PROVIDENCE, R.I. — Cultural and humanities nonprofits in Rhode Island are sharing nearly $1 million in federal coronavirus funding to help them recover from the pandemic, officials said Monday.
The Rhode Island State Council on the Arts and the Rhode Island Council for the Humanities have announced a collaborative partnership to distribute the funds, from the National Endowment for the Arts and National Endowment for the Humanities.
The grants, called the RI Culture, Humanities and Arts Recovery Grants, are designed to assist nonprofits with general operating support to prevent, prepare for, respond to and recover from pandemic-related hardships.
Organizations focused on the Black, Indigenous and people of color population as well as nonprofits with annual budgets under $500,000 will be prioritized.
“The arts, culture and humanities communities are an important economic driver in our state. These funds from the American Rescue Plan, through the National Endowments for the Arts and the National Endowment for the Humanities, deliver critical investments in this sector supporting its recovery and full return,” Governor Daniel McKee said in a statement.
“COVID-19 was a blow to every piece of what makes Rhode Island special,” said Senator Jack Reed. “By combining federal grants with private donations, we can generate economic activity and help our state’s cultural sector survive the pandemic, adapt and prepare for the future, and continue to serve audiences going forward.”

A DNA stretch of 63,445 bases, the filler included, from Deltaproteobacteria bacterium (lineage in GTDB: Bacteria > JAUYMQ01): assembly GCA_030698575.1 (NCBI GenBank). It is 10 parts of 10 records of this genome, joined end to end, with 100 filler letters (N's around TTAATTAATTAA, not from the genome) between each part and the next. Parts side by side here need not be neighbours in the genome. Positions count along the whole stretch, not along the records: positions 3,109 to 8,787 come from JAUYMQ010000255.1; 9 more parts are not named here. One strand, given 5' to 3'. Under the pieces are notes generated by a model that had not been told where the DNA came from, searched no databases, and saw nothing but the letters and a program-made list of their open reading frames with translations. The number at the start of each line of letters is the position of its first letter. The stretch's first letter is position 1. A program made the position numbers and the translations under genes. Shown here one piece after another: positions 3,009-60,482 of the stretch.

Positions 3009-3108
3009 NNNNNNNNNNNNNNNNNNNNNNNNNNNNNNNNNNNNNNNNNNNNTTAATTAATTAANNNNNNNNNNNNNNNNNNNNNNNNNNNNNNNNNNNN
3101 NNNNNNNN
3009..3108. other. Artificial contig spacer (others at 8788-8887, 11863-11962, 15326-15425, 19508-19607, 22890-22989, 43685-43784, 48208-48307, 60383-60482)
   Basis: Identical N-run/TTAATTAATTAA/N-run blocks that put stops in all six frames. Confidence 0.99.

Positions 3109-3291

“Rhode Island’s arts, culture, and humanities organizations are a key part of what makes our state special and many were hit hard by the pandemic,” said Senator Sheldon Whitehouse. “I’m glad to see the Rhode Island State Council on the Arts and the Rhode Island Council for the Humanities working together to distribute federal funding from the American Rescue Plan to help support this important work.”
“The COVID-19 pandemic has taken its toll on Rhode Island’s world class culture and arts scene, but the American Rescue Plan Act is helping our incredible nonprofit sector recover,” said Representative Jim Langevin. “I’m thrilled that this federal grant funding will help our arts and humanities communities respond to the worst impacts of the pandemic and continue growing our economy and enriching the lives of so many Rhode Islanders.”
Elizabeth Francis, Executive Director of the Rhode Island Council for the Humanities, and Randall Rosenbaum, Executive Director of RISCA, added: “We are excited that the Arts and Humanities Councils have joined forces to greatly expand access to recovery funding in our communities to help culture, humanities and arts nonprofits, including small- to mid-sized and BIPOC-centered organizations, and first-time grantees. Our partnership is a departure from traditional emergency funds as it greatly expands access to grants to some of our state’s most vulnerable and hard-hit culture, humanities and arts organizations.”